Monday, June 15, 2009

A few of the latest reviews of the book.  First up are some comments by longtime critic Roy Trakin – who actually attended the Rock Writers Convention.  Roy was also a celebrity judge in the recent movie documentary Air Guitar Nation...highly recommended!  A great laugh.  Maybe next there will be an international "air drums" competition with the drum break from September Girls part of the compulsories.  

Next is a review from Memphis Flyer,a local arts weekly which sparked this observation. Rock writers often focus on lyrics because they work with words.  They have what they perceive as a common – perhaps even – ground with the lyricist – a keyboard with letters, not musical notes.  Once the instruments come out of the cases, the writer is usually just another guy who wishes he could play guitar.  The actual focus of those involved in the creation of Radio City was on the sound, the recording, and the song structures so that's what I decided to write about.  When I ran my overall thoughts about the lyrics to Radio City by Alex Chilton and he said that he agreed wholeheartedly with my take, I didn't feel a need to explore the lyrical themes much beyond their casual impressionist nature.  To start looking at them line by line would have reminded me as to why I switched my college major from English to Political Science in 1971 – the head of the department couldn't read anything without ascribing five layers of meaning and symbolism that if the author really intended, he would never have finished the book.  Rock lyrics are more often than one might think just a bunch of words put together around an idea.  And often what you hear on first listen is all there is to get...Which doesn't make September Gurls or Back In The Saddle (just heard Aerosmith on the radio - what does the song really mean? I dunno - some guy is back in the saddle and riding a killer riff – the title and whatever words I can pick up match the vibe precisely and that's all that matters ) any less worthy than something by Patti Smith channeling Rimbaud.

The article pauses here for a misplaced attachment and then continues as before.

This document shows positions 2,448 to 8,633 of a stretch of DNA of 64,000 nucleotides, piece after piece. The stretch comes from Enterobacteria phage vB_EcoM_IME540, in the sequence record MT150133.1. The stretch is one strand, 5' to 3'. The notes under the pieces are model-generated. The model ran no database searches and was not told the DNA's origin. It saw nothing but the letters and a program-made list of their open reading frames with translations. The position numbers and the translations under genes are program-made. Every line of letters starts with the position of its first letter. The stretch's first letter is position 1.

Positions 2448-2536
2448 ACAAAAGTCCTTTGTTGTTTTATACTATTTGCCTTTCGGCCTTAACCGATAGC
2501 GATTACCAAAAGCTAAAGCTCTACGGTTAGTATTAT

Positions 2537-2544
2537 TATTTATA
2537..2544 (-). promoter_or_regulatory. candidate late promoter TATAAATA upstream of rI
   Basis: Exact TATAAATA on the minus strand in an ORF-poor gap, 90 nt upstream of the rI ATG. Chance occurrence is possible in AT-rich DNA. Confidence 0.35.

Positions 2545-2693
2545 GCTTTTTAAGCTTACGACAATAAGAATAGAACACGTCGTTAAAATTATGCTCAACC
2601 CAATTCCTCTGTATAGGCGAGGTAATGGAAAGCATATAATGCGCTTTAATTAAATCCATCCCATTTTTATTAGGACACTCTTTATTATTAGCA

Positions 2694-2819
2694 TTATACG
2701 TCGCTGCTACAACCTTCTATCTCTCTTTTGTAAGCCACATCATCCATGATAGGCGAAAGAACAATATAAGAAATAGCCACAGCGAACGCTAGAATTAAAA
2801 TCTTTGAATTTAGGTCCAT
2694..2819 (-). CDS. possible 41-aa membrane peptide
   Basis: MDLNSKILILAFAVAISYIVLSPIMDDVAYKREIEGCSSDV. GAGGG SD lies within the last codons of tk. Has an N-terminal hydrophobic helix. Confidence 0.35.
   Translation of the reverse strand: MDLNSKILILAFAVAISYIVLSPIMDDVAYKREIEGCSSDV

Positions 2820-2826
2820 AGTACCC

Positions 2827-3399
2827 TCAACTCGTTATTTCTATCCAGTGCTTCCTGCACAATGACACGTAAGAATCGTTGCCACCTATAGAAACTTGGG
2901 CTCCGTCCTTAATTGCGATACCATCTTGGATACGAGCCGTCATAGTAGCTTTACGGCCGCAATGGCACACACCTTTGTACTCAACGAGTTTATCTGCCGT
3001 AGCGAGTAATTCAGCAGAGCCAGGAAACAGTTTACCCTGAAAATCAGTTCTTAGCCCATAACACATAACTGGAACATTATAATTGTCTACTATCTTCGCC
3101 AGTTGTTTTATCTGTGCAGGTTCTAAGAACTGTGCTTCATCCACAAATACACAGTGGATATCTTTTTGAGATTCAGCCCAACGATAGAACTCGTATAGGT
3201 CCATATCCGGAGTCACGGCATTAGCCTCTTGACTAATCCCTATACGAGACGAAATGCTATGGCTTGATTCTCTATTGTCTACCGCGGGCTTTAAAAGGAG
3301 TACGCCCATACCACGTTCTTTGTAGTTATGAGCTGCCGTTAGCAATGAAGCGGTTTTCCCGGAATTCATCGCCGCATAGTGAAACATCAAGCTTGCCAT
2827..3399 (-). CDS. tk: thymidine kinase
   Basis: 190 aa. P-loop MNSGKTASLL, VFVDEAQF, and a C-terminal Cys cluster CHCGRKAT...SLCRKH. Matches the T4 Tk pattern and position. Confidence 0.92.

And about the typos that have been mentioned above and elsewhere...I can't tell you how bugged I am about them (and, yes, as the author, I bear some responsibility).  But they're there (kind of like John Bonham's squeeky hi-hat on Moby Dick).  They don't get in the way of material.  And if everyone buys enough copies, we'll fix them in the second edition...:) 

Had a few detours but now back to work on the Powell's piece.  In the meantime, questions and comments welcomed.  

1 comment:

Larry said...

I agree completely (and I got my degree in English). Having said that, "I loved you, well never mind" is perhaps the greatest pop lyric in I've ever heard. It sums up so much in so few words - and specifics aren't really necessary. Proust, in contrast, took seven volumes.